Not sure which forum this belongs in so putting here...
On Wednesday I had the amazing opportunity to help out with a brew at my local brewery… I’m sure a few of you have heard of it, a little place called Cigar City Brewing You may be asking yourself, how does one get such an awesome opportunity? Well, I got it by drinking a lot of Cigar City beers, which was pure torture I tell you! In November 2012 my local beer bar featured CCB as their brewery of the month. Every Friday night from 6-8 you got a raffle ticket for every CCB beer you ordered. At 8 they did a drawing for some CCB swag, and then at the end of the month all the remaining raffle tickets were combined for the grand prize, which was “Brewer for a Day” at CCB. There were 5 Fridays during November, and I made it there for 4 of them if I recall, and I had at least 4 beers each trip, so I had at least 16 entries in the raffle, maybe more. You also had to be present to win, so I knew I had stacked the deck in my favor pretty well. Whelp, as you can guess, I won.
Now it would have been REALLY sweet if they would have allowed me to brew one of my own recipes, or at least take one of their existing recipes and add my own touch to it, in fact I pitched the later idea to them but unfortunately that didn’t happen. I ‘just’ got to help out with one of their scheduled brews. They sent me their brew schedule and let me decide which brew I wanted to help with. I wanted to make sure it would be something that was more of a 1-off, that way I could get bottles that I KNEW I helped with. The beer I chose was a cordial cherry imperial sweet stout. This recipe was put together in collaboration with Mikkeller, this was their second time brewing it due to poor attenuation with the first batch. They warned me in advance that it would be a long day, and they were 100% correct, however it didn’t take as long as they had originally feared. We brewed this beer on their original 15 barrel system. I was under the impression that most systems that size had some sort of stirring mechanism built in that agitated the grain while mashing in. I was sadly mistaken. Here is a photo of me mashing in, the mash paddle that I am holding on to is about 8 feet long.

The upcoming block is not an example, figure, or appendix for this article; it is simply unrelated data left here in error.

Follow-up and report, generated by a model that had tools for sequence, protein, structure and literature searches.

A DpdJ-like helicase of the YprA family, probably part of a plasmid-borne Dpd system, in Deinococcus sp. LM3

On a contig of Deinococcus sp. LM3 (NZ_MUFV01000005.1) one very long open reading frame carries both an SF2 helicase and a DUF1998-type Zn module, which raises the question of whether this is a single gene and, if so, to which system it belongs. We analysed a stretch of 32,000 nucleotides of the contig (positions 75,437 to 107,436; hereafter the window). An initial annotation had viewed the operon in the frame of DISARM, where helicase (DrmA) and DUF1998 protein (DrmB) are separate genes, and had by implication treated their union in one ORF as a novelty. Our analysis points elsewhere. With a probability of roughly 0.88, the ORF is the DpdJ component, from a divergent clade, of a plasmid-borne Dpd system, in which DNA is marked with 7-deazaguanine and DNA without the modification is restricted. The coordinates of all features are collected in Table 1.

Each mash had right at 1100 pounds of grain, and they mashed pretty thick. We had to do three separate mashes to fill the kettle. It was a bitch to stir.
A few observations after my day:
Mashing in and stirring 1100 pounds of grain is hard work. I did the first and second mashes, the main brewer did the 3rd mash because I had developed some pretty massive blisters from the mash paddle.
Commercial grain mills are bad ass. I milled all the grain for the 2nd and 3rd mashes. Their mill would chew through a full bag of grain in about 30 seconds or so…. Quick enough that it would be done with one bag before I even had the next bag open and ready to pour in.
The commercial brewing process and home brewing process are pretty much identical. I am a batch sparger so that was the biggest difference. Each mash roughly followed this time frame: 10-15 minutes to mash in, 30 minute rest at 149, 30 minutes to vorlauf/recirculate, it then took about an hour to sparge/lauter, and then ~15 minutes to pull out the spent grains. I REALLY wish I had brought myself a couple kegs or carboys along, after each mash we had to have dumped at least another 50-100 gallons of ~24 plato wort down the drain. I would have loved to have taken that home and boiled it down. We doughed in for the first mash at 6:35 am and were kettle full, starting the boil by 2:50 pm. We hit a boil 30 minutes later. We boiled for an hour, then did a whirlpool for about 15 minutes before transferring through the giant wort-chiller into the fermenter. It took an hour to drain the kettle into the fermenter.
Since there was a lot of downtime I got to spend some time on the 30 barrel system as well. That system is pretty much 100% automated… They were brewing Maduro while I was hanging out, it was cool to see but for the most part they just push buttons and open/close valves to move stuff around from vessel to vessel . If I recall it 4 vessels… The first vessel was the mash tun, then from there everything got transferred to the lauter tun, then obviously that drained into the brew kettle, and then after the boil everything gets transferred into the 4th vessel which was for whirpooling.
Here is a photo of the 30 barrel system:
Here is one of the mash while sparging/lautering
Here are the first runnings going into the kettle
Pure awesomeness here…. They have 17 barrels of Huna aging. I tried to smuggle one out under my shirt but it wouldn’t fit
Some more other goodies barrel aging…
Serious blow-off from a quad that they had brewed the previous day
More serious blow-off from a batch of Jai Alai also brewed the previous day.
This smelled heavenly
All-in-all it was an absolutely amazing experience. I was also able to share some of my barrel-aged homebrews with the brewers and got some good feedback.